As featured on p. 218 of "Bloggers on the Bus," under the name "a MyDD blogger."

Tuesday, April 14, 2009

Culture of Voter Suppression

I understand that Republicans generally err on the side of suppressing votes, and in a tight election it's commonplace to challenge ballots for a variety of reasons - to keep them out of the count, and simply to make your position look better by keeping your opponent's ballots on the side for as long as possible. But this is completely ridiculous from Jim Tedisco.

This just in from Columbia County: when Sen. Kirsten Gillibrand’s absentee ballot came up in the queue, the poll watchers for Jim Tedisco objected to it, saying the senator was in the county on election day and should have voted in person.

First of all, Gillibrand's office maintains that she wasn't in the county on Election Day. Second, there's no law that the absentee voter has to be out of the county, if you want to get technical. Gillibrand's statement says it the best.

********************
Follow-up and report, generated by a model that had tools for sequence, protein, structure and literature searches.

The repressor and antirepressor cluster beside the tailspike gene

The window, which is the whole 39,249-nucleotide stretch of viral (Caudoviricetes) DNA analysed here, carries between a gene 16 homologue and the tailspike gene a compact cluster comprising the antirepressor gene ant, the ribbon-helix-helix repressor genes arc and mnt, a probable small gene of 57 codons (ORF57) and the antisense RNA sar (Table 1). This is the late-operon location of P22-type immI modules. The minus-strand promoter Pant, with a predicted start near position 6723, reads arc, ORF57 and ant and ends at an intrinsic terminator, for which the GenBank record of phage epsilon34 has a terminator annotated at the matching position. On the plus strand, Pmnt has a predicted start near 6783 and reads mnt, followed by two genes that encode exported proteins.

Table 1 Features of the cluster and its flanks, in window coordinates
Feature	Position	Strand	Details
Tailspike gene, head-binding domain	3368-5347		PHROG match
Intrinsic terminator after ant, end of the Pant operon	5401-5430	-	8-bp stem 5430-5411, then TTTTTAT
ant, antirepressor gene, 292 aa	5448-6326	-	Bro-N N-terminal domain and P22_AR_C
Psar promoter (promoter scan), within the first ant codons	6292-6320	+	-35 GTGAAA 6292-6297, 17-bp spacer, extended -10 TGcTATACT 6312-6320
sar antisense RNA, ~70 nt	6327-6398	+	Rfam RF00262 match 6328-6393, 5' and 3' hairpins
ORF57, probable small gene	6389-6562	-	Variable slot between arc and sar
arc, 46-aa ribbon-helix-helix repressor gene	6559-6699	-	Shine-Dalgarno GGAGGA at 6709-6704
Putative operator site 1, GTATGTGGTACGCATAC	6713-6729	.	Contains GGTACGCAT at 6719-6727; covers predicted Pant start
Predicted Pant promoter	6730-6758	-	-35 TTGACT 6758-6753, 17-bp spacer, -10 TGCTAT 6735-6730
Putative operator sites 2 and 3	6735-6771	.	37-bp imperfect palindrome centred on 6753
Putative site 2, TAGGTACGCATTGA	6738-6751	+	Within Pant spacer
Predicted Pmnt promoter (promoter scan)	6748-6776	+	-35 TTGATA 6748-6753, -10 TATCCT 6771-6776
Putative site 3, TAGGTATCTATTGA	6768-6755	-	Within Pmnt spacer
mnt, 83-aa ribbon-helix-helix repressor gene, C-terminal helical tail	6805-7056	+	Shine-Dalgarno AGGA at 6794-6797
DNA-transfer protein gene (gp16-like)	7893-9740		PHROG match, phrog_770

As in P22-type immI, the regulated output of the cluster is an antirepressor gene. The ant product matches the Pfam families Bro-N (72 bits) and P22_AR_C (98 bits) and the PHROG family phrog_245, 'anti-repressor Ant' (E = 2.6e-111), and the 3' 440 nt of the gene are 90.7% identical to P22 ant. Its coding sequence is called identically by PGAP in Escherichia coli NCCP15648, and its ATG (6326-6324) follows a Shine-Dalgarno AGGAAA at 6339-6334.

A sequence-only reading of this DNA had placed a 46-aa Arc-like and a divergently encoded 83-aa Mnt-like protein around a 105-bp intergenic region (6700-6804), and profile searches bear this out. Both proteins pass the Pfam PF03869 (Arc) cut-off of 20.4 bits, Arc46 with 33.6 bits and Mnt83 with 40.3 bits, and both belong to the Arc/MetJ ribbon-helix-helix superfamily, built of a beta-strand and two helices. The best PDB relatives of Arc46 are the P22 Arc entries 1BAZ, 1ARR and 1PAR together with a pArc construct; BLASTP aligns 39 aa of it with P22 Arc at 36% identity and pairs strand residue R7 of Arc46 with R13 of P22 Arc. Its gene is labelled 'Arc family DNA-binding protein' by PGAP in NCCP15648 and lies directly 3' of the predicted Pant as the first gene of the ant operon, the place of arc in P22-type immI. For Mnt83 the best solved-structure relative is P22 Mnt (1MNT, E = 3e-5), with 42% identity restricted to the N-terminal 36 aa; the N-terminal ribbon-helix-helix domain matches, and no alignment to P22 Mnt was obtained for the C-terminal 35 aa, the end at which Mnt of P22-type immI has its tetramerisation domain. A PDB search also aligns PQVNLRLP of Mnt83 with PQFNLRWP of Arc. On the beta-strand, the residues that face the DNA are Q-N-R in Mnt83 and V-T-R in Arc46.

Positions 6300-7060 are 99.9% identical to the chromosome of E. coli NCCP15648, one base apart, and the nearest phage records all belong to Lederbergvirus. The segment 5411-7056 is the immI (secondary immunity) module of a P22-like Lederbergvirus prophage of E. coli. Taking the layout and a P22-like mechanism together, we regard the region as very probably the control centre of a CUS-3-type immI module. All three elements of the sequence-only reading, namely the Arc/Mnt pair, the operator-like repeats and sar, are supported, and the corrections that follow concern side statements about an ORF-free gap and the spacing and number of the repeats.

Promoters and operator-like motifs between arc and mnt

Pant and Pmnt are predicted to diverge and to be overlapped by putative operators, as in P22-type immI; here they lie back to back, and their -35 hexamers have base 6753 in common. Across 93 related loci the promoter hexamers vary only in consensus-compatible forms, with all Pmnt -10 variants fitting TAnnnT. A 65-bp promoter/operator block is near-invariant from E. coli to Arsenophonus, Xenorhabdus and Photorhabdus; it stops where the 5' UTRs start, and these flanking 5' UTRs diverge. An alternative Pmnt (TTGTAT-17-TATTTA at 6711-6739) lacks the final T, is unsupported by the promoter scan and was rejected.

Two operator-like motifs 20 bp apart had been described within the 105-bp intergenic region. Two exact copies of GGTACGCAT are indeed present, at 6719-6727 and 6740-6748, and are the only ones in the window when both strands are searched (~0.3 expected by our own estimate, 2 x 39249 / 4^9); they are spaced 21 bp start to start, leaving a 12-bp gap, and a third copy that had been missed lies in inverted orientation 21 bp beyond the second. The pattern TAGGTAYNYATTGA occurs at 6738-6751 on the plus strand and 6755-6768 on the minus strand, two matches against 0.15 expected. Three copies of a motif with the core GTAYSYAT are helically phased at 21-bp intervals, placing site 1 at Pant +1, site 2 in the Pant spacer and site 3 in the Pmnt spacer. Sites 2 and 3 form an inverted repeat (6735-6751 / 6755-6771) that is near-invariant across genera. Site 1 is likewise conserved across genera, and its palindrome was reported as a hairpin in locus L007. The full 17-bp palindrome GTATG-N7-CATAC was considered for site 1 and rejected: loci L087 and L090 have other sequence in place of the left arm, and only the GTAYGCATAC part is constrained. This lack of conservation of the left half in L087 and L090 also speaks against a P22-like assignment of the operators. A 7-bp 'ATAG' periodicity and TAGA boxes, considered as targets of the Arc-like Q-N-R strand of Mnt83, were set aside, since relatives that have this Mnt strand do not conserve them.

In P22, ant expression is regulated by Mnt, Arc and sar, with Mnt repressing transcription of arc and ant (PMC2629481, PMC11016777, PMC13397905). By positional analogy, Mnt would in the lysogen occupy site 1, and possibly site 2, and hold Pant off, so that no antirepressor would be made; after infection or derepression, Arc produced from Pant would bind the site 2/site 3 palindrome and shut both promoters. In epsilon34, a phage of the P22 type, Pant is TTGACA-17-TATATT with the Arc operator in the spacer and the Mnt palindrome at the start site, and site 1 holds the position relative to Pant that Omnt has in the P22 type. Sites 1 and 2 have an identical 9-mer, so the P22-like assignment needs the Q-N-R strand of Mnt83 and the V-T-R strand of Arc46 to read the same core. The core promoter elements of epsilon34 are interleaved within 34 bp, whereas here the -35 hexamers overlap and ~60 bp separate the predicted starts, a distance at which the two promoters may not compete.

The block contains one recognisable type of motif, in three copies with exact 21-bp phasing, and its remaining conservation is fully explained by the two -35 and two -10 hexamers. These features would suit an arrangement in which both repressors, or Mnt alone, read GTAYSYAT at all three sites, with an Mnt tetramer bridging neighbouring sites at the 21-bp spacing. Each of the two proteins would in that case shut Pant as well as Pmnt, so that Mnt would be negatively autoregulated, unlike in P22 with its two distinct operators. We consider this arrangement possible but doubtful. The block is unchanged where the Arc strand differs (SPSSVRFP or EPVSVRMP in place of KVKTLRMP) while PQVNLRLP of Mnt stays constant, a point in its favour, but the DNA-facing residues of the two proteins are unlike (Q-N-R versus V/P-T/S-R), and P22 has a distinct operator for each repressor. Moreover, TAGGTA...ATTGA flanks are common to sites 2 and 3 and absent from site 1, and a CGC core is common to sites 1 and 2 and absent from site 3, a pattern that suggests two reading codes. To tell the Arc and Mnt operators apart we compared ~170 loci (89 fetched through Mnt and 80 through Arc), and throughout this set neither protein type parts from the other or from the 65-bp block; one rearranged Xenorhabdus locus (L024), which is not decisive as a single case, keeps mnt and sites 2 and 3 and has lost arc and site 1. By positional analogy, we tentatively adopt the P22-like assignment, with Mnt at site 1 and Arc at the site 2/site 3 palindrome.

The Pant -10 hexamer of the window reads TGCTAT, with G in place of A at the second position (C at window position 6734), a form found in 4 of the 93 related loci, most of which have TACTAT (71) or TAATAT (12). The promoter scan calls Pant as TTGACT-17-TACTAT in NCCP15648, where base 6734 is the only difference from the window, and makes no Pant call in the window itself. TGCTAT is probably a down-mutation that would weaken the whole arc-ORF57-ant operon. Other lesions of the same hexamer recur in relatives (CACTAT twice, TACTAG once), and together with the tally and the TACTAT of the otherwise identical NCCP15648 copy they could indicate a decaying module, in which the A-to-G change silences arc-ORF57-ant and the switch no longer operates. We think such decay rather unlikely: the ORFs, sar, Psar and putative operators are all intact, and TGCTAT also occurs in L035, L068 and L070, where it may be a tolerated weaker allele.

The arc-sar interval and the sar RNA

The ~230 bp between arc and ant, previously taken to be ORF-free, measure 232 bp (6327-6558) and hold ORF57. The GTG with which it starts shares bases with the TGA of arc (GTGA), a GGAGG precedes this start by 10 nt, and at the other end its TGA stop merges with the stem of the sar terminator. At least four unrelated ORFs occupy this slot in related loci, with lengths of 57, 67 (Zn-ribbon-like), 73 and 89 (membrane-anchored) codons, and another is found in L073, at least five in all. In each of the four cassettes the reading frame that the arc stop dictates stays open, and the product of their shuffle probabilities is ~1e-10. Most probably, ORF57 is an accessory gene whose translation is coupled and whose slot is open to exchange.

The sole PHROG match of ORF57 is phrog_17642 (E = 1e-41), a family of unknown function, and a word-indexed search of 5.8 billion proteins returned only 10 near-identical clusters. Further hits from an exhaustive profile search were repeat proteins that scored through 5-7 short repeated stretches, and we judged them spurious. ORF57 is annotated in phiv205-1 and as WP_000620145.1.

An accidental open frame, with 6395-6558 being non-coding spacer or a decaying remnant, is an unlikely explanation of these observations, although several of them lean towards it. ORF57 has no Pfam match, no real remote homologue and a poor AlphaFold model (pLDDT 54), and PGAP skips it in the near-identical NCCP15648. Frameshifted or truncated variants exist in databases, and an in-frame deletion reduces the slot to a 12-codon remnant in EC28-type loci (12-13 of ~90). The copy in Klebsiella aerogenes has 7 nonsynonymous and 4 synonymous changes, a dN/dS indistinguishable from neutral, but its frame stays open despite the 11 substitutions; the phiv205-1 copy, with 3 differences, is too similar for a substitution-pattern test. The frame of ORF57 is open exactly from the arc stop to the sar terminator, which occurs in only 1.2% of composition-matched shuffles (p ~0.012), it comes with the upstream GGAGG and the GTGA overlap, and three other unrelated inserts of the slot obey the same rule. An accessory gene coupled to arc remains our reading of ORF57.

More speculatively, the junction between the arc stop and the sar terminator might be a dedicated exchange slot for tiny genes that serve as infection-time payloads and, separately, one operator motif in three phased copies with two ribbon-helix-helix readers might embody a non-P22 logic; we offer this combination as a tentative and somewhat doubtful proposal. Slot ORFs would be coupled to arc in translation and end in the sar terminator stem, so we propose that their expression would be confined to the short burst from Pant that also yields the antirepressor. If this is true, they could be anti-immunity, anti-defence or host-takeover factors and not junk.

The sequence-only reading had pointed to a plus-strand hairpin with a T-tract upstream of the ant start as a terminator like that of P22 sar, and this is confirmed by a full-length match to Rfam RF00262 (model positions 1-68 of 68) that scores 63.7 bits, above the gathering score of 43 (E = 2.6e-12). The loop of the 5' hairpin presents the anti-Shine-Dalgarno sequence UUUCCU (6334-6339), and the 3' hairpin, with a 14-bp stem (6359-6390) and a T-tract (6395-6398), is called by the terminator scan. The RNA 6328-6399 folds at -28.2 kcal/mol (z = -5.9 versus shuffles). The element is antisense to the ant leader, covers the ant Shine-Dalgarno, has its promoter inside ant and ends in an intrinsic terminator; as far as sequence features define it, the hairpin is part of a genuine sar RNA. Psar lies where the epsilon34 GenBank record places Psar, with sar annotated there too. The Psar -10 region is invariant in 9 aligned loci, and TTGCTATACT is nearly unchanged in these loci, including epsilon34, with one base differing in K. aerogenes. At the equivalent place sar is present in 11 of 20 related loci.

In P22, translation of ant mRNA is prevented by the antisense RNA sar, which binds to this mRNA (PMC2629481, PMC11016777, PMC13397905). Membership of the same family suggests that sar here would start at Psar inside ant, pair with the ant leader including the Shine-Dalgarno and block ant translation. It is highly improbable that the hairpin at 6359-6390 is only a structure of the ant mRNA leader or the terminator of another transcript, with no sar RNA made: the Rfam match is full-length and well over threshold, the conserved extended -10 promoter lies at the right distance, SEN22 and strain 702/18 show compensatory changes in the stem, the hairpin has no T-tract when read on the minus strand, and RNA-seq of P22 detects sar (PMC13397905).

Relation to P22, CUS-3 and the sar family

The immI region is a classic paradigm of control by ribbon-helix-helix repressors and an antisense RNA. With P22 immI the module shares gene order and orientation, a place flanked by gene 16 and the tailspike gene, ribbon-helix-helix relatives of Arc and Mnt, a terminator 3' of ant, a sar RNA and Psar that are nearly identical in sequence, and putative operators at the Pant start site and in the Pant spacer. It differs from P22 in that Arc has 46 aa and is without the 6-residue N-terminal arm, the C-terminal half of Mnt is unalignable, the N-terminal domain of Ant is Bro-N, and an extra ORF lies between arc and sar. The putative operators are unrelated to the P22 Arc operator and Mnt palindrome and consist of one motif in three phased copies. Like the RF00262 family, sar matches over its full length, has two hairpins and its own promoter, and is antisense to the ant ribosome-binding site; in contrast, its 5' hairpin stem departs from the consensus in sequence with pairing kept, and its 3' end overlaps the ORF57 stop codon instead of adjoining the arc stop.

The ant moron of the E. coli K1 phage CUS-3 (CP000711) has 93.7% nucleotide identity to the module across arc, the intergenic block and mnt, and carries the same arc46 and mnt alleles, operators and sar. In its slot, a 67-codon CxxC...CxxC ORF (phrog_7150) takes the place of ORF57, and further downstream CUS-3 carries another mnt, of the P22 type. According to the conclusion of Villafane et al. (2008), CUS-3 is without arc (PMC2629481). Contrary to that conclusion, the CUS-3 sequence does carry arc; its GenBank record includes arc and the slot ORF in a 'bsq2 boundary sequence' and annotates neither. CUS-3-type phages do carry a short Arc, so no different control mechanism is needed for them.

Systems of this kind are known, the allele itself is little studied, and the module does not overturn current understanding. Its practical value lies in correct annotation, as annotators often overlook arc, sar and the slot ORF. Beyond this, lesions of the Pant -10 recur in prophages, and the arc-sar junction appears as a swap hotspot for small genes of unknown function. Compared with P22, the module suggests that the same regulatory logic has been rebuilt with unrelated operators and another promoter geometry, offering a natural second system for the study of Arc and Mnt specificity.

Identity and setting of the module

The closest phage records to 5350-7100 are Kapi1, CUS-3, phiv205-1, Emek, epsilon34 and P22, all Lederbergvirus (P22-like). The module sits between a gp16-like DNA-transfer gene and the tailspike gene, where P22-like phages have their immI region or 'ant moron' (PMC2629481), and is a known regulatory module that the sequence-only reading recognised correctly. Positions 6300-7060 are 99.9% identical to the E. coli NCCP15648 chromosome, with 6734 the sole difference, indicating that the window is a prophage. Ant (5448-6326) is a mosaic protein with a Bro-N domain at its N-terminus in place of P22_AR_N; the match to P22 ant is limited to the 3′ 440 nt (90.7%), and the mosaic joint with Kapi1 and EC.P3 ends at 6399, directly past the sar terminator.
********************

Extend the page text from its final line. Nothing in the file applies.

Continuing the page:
“The Republican’s challenge is frivolous and without merit. This is part of their larger attempt to disenfranchise legal Democratic voters and delay the inevitable Democratic victory in the 20th. Every day that the national Republicans waste with their dishonest stalling tactics is another day Upstate New Yorkers are deprived their Member of Congress. Senator Gillibrand looks forward to working with Scott Murphy in Congress to support President Obama plans to turn this economy around and create good paying jobs.”

They're never going to stop with this nonsense. Tedisco is predictably using the language of "voter fraud" to deny legitimate voters the franchise. Despite the fact that actual cases of fraud are almost nonexistent.

Murphy's going to win this anyway. But the damage to the electoral system has in many ways already been done.

...Sen. Gillibrand posts at Daily Kos, saying "let my vote and every vote be counted."

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